This Memorial Day, we at Slaphappy Hemp Company urge everyone to reflect on the sacrifices made by our servicemen and women. We owe it to them to strive for a better nation, to bridge the gap between the civilian and military worlds, and to honor their legacy by living up to the ideals they defended.

We remember and honor Builder Chief SCW/FMF Raymond Border who lost his life in Afghanistan 2011.

We remember and honor the Seabees from NMCB-14 who lost their lives in Iraq in 2004:

Equipment Operator 3rd Class Christopher Dickerson

Hull Maintenance 2nd Class Jason Dwelley

Builder 2nd Class Michael Anderson

Equipment Operator 2nd Class Trace Dossett

Construction Mechanic 2nd Class Scott McHugh

Builder 2nd Class Robert Jenkins

Steelworker 3rd Class Ronald Ginther​

We remember and honor the sailors lost in the USS Cole bombing on October 12, 2000. This tragedy holds a special place in Kara’s heart due to her personal connections and experiences in response to the attack. The attack killed:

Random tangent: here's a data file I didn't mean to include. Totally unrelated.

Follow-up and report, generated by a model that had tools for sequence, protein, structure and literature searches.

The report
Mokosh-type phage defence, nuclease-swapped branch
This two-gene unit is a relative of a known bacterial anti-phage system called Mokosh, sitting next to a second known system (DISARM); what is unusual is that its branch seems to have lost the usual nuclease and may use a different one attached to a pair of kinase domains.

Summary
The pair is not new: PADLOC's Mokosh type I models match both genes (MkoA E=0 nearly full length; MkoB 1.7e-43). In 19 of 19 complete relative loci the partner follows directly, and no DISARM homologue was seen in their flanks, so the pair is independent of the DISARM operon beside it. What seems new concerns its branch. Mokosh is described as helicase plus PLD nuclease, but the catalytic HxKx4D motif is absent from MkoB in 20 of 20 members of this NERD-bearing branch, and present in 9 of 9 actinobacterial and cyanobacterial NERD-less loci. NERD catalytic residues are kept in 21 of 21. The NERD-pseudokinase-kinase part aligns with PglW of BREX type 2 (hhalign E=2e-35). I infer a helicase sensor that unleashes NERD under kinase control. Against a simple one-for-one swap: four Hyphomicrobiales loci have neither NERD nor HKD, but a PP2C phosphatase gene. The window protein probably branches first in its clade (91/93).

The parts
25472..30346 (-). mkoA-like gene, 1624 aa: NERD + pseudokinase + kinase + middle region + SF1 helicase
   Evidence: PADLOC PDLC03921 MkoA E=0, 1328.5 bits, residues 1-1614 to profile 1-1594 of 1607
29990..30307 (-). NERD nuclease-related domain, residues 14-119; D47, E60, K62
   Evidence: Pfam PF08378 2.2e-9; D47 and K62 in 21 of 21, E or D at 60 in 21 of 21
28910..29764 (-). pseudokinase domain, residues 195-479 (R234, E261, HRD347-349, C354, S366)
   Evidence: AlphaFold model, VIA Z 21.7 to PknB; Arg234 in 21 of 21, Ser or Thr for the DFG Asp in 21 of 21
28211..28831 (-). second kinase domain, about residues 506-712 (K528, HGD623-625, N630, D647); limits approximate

Lt. j.g. Andrew Triplett

ETC Richard D. Costelow

EW1 Kevin S. Rux

HT2 Kenneth E. Clodfelter

EN2 Mark I. Nieto

EW2 Ronald S. Owens

OS2 Timothy L. Saunders

MS3 Ronchester M. Santiago

MSSN Lakeina M. Francis

ISSN Timothy L. Gauna

SMSN Cherone L. Gunn

ISSN James R. McDaniels

SN Lakiba N. Palmer

ENFN Joshua L. Parlett

FN Patrick H. Roy

FN Gary Swenchonis Jr.

SN Craig B. Wibberley

We remember and honor those we have lost since coming home. We remember and honor Kelly Daugherty (NMCB-1) and those we have lost to cancer. Their sacrifices are not forgotten, and we pledge to honor them by working towards a better, more united nation.

You won’t see any Memorial Day sales from us. Instead, we ask you to remember those who gave all—not to get you down, but so you may live life to its fullest, worthy of their sacrifice.